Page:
I wasn't going to write about politics, but in several recent conversations with other women lawyers the issue has come up, and it does seem timely. I confess that I am not a particularly political person, and I certainly am naïve where national and local politics are concerned. But earlier this year during the primaries I got caught up in the historic wave of activism along with 18 million other voters. When I "came out" for my candidate in the week leading up to the primary, a minor firestorm erupted. I realized for the first time that people actually cared what I thought, and that those who disagreed seemed to care even more. I wish I had had the foresight to check with a mentor before making my views public; I am sure I would have been warned not to make my views known on company time or company property.
Political commentary can also be bad for business. While a principled attorney may well take the position that he or she will be public with political views regardless of how his or her own clients may react, out of respect for the livelihood of other attorneys at the firm those personal views should be carefully communicated as personal, not firm, statements. Even here on the left coast clients have varied policy perspectives, and may be offended or affronted by strong views that are perceived to be held by the law firm to whom they write significant checks.
However, I continue to strongly believe that law firms should not have a policy that prohibits staff or attorneys from making their political views known. We should be able to tolerate differences of opinion and respectful political disagreements among our co-workers. Political views and political activism add spice and interest to our dialogues. An intolerant attitude that prohibits discussions, buttons, photos of political figures, and the like, will almost certainly be violated by someone, which would be even more difficult to manage.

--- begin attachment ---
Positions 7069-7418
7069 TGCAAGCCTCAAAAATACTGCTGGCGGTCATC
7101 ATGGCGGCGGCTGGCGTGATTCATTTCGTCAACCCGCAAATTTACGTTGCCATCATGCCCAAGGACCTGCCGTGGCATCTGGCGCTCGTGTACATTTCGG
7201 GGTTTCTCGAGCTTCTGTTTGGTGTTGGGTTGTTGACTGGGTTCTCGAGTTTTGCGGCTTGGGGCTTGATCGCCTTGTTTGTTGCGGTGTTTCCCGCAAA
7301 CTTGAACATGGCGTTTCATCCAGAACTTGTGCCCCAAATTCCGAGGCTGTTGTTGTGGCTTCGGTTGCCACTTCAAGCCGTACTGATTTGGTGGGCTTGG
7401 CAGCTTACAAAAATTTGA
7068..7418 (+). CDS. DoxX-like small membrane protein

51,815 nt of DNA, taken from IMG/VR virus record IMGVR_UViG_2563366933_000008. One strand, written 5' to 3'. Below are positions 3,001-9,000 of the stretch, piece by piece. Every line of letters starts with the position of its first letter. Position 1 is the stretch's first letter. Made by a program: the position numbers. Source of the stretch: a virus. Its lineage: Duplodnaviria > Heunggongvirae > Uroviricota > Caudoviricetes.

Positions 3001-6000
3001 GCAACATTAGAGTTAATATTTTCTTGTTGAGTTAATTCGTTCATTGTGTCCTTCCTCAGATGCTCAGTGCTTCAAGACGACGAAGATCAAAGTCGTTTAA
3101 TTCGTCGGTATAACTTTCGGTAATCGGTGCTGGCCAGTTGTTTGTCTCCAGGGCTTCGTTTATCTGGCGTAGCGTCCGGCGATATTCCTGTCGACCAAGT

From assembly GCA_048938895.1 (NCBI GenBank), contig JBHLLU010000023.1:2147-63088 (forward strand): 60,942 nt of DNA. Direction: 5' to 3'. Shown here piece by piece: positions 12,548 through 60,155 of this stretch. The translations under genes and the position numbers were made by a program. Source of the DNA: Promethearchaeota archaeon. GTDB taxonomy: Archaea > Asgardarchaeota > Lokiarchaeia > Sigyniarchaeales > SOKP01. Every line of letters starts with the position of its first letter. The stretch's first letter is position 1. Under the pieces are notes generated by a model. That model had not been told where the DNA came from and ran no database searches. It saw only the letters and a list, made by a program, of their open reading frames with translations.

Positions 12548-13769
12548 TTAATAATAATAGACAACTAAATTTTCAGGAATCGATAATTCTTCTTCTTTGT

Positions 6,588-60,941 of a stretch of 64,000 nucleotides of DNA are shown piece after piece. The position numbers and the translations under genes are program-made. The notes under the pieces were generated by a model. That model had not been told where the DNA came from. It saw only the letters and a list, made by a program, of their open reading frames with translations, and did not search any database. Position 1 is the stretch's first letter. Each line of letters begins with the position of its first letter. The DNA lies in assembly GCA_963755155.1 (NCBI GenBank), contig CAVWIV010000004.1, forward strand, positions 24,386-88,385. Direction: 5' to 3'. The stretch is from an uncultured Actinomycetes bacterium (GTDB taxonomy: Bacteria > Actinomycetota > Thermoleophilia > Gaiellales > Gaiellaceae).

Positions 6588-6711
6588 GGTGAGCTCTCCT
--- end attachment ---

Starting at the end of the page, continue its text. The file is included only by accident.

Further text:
But the views of firm leadership are another thing entirely. Those in leadership are in a different position of perceived influence and authority, so what is said and done will be subject to greater scrutiny. As a business matter in law firms, I think that is a problem that is better avoided.
After the bruising I took earlier this year, when a friend mentioned the topic recently in connection with the looming election, my immediate, unequivocal reaction was to opine that firm leadership absolutely shouldn't take a position on any candidate or initiative on the ballot. But I still remain convinced that an internal policy forbidding political expression is counterproductive.
Next up: Heroes, Role Models, and Mentors